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Fungal trunk disease pathogens in South-African olive nurseries

Meagan Vermeulen: Stellenbosch University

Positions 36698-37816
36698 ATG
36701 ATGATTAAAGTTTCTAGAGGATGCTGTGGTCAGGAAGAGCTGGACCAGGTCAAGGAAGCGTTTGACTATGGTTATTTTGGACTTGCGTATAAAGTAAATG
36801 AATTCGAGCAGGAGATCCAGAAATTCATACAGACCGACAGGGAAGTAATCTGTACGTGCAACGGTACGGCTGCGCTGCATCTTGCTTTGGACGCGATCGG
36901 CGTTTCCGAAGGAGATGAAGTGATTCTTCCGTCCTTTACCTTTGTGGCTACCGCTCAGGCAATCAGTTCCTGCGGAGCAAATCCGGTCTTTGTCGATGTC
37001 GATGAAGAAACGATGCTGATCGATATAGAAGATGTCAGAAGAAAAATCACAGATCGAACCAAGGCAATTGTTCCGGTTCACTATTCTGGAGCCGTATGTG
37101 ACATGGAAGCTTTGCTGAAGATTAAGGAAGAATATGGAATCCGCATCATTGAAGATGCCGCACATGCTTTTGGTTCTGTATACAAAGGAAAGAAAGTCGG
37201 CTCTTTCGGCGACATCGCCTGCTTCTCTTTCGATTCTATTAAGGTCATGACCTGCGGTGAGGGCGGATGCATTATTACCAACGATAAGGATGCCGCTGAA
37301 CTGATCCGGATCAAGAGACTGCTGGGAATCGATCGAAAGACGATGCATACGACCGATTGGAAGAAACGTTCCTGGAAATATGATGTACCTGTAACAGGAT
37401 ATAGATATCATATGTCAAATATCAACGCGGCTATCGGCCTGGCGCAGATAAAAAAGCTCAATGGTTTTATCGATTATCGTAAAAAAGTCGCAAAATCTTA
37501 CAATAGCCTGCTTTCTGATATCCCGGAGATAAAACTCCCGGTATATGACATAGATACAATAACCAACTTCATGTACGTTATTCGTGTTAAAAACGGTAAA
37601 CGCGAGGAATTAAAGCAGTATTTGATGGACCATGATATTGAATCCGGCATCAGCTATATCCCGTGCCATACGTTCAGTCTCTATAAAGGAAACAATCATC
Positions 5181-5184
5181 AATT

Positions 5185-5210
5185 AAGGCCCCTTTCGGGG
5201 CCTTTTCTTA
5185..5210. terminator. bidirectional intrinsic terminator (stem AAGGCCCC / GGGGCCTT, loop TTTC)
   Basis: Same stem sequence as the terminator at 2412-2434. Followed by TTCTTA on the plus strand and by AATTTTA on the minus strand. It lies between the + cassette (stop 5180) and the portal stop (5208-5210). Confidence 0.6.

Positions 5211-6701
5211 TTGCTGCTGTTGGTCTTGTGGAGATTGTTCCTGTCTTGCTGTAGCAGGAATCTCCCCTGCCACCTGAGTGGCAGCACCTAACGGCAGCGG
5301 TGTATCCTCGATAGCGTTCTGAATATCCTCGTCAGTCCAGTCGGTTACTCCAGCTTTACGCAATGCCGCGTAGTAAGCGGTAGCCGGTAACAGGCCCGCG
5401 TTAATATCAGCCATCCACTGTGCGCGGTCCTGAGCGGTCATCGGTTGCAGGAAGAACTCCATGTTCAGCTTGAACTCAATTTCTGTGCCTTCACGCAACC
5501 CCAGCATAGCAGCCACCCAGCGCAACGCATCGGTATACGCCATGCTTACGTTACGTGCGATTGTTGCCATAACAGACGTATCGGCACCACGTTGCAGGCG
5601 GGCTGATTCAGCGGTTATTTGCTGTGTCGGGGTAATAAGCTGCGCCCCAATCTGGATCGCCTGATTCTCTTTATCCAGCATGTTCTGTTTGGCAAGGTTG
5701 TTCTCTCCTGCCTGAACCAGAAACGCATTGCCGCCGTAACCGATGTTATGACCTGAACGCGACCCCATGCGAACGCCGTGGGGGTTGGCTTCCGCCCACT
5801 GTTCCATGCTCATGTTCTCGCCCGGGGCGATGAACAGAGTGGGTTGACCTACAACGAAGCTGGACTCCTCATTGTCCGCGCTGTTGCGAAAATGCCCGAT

<div>The olive industry has been identified as a high growth sector in the South African National Development Plan and therefore of significant importance to the economy. Several trunk disease pathogens were recently associated with diseased olive trees in South Africa. Little is known about the biology of these pathogens and no specific management strategies are in place. The aim of this study was to investigate the status of trunk pathogens in nurseries. Isolations were made from asymptomatic cuttings from mother blocks (stage 1), rooted cuttings (stage 2) and 1-2-year-old trees (stage 3) of eight cultivars in two nurseries. Known olive trunk pathogens of Nectriaceae, Diaporthaceae, Botrysphaeriaceae, Togniniaceae, Phaeomoniellaceae and Pleurostomataceae were recovered. Stage 3 showed the highest incidence, <em>Pleurostoma richardsiae</em> being the most frequently isolated pathogen occurring in 82% and 37% of the trees in the two nurseries, respectively. <em>Phaeoacremonium parasiticum</em> was present in 29% of the trees from one nursery (stage 3). <em>Neofusicoccum australe</em> was detected in stage 1. The remaining pathogens occurred in 10% or less of the material. These results indicate that propagation material from mother blocks harbour low levels of trunk disease pathogens, but that additional infections occur during the nursery process. Management strategies should focus on the prevention and elimination of infections in mother blocks, as well as during the propagation process.</div>